When I visited the new Whitney Biennial on March 8th, I started on the fourth floor and worked my way down. Almost immediately I found it hard to focus because of the crowded display and the crowd of visitors. The problem got worse as the hours wore on. I will comment on the works that caught my attention. The first piece I liked was Nari Ward’s sculpture “Glory Road.” This is a tanning bed (as in a tanning salon) with an exterior crafted from an oil barrel and an interior featuring an image screen that would burn a U.S. flag on the flesh. The piece has been dismissed as “agitprop,” but looking into the florescent lights behind the translucent flag, I had the creepy feeling of looking into a zealot’s mind. Nearby was a huge collage painting by Mark Bradford, which seemed to evoke a city at night as seen from the air. It was well done but it seemed scaled to impress in a 1980s manner. Yuri Masnyj showed an appealing assemblage in a corner that seemed to deconstruct Constructivism. In Deva Graf’s display, I was intrigued by her “mirror photocopy” pieces. A comment on narcissism? (Try making one yourself.) I think Gedi Sibony is talented, but his installation didn’t seem to jell. The torn black plastic bag was elegantly pathetic, though. Peter Doig seemed to be doing Gauguin, not to satisfying effect. Kenneth Anger’s installation was tedious; better to try his films that will be shown later. The Steven Parrino room felt like a memorial (he died last year). It was meditative and cleansing. The Urs Fischer installation was great, with a momento mori sculpture that dripped circles of candle wax, plus large holes roughly cut out of two walls with an effect of liberation rather than violation. The gigantic Rudolf Stingel painting worked well in that room, with its male figure lost in thought.
On the third floor, Dorothy Iannone’s head appeared in a vintage B&W video looking out from a tall painted box. She was masturbating, and her orgasm looked like a soprano's climactic reach in Richard Strauss's Elektra. In a side room, Rodney Graham’s high-definition film of a chandelier that spins was mysteriously compelling. Taylor Mead contributed a crudely drawn but funny fairy tale. Marilyn Minter’s photo-realist (photo-expressionist?) paintings looked smashing, as expected. In the darkened room for Paul Chan’s projection, I was distracted by the bright red EXIT sign in the corner. Carter’s drawings of male heads seemed to cancel themselves out with sameness. He has done better on other occasions. Mark Grotjahn contributed well-made paintings. The elaborate Sturtevant installation left me wondering why she does what she does. A dead-on reproduction of a deadpan Duchamp artwork is about as arid as it gets—and there was a roomful of them. Florian Maier-Aichen’s highly detailed landscape photographs were manipulated to be strange in a good way. Likewise Monica Majoli’s large watercolors of figures in BDSM heaven or hell. Adam McEwen's obituaries of living celebrities are terrific in concept and execution. They use classic obituary style to examine the trajectory of fame and, at least at some level, to pop the celebrity bubble.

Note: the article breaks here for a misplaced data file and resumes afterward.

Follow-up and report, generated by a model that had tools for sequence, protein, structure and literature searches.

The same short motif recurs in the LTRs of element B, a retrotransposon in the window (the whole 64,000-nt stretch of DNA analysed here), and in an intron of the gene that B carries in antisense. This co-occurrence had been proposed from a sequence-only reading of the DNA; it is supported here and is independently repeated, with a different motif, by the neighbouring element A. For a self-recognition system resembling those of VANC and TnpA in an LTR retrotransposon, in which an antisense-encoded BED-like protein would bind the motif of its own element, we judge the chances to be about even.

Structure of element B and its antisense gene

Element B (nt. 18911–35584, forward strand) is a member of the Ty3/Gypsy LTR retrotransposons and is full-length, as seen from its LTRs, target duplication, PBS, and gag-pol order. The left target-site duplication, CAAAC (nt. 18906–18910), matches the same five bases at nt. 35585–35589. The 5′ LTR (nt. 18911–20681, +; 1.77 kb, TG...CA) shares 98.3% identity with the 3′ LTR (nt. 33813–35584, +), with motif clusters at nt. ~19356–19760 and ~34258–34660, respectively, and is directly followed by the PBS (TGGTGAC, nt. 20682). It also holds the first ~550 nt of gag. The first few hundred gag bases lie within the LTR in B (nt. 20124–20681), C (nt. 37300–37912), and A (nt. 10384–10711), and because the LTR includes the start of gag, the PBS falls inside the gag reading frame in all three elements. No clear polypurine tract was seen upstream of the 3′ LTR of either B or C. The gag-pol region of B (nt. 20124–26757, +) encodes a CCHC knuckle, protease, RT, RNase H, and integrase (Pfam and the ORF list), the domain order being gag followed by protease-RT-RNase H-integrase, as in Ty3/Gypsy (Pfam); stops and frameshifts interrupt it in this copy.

On the second floor, I didn’t have time to take in Ryan Trecartin’s 41-minute video. In the part I saw, the psyches of the characters seemed to be fracturing or dissolving. It could be really good, or not. The placement—a monitor next to busy elevators—was an annoying curatorial lapse. The Francesco Vezzoli imitation film trailer turned out to be over-hyped. Parodies work best when done to a T. This one had awkward cutting and an inconsistent photographic look. The acting was bad-bad, not good-bad. (But Adrianna Asti and Helen Mirren knew what to do). I hadn’t expected Ed Paschke to be a highlight, but his three paintings, with their radioactive yellow/green palette, looked authoritative amid so much fuzzy work. The Anthony Burdin room was like a Halloween experience crafted in someone’s garage—actually it would have been better in a garage than in a pristine gallery space. There was a scary video, a scary cabin, and other objects. I liked the video best. Photographs by Angela Strassheim stopped many people in their tracks. They would look uncanny even if you didn’t know the subjects were members of her born-again Christian family in Illinois.
On the lobby floor there is a good Marilyn Minter. In a large room at the back was a Pierre Huyghe video that is superbly made and riveting, but it seemed to evaporate afterwards. After seeing that, I went up to the Mezzanine for the “Down by Law” sub-show. This was another mixed bag, but I liked Ed Ruscha’s gunpowder drawing, Sergej Jensen’s U.S. flag with the stars missing, Karl Haendel’s large drawing of George W. Bush’s head leaning in a corner (as if knocked off its perch), Jules de Balincourt’s painting on panel, Fred Tomaselli’s drug drawing, Robert Mapplethorp’s photo of himself posed with a whip handle in his ass (in a small format that emphasized its, well, classicism), and David Wojnarowicz’s Rimbaud-mask photos. In this room there were several of Jonathan Horowitz’s small portraits of the 9/11 hijacker suspects—nineteen of which are scattered throughout the museum in unlikely places.
I did not photograph the Biennial because I was told that photographs were forbidden. (Grrrrr!) The Whitney itself does not provide good online documentation of the exhibition. (Grrrrr!) The photo above shows my own attempt to photocopy a mirror. I will let it represent all the photographs I am unable to include here.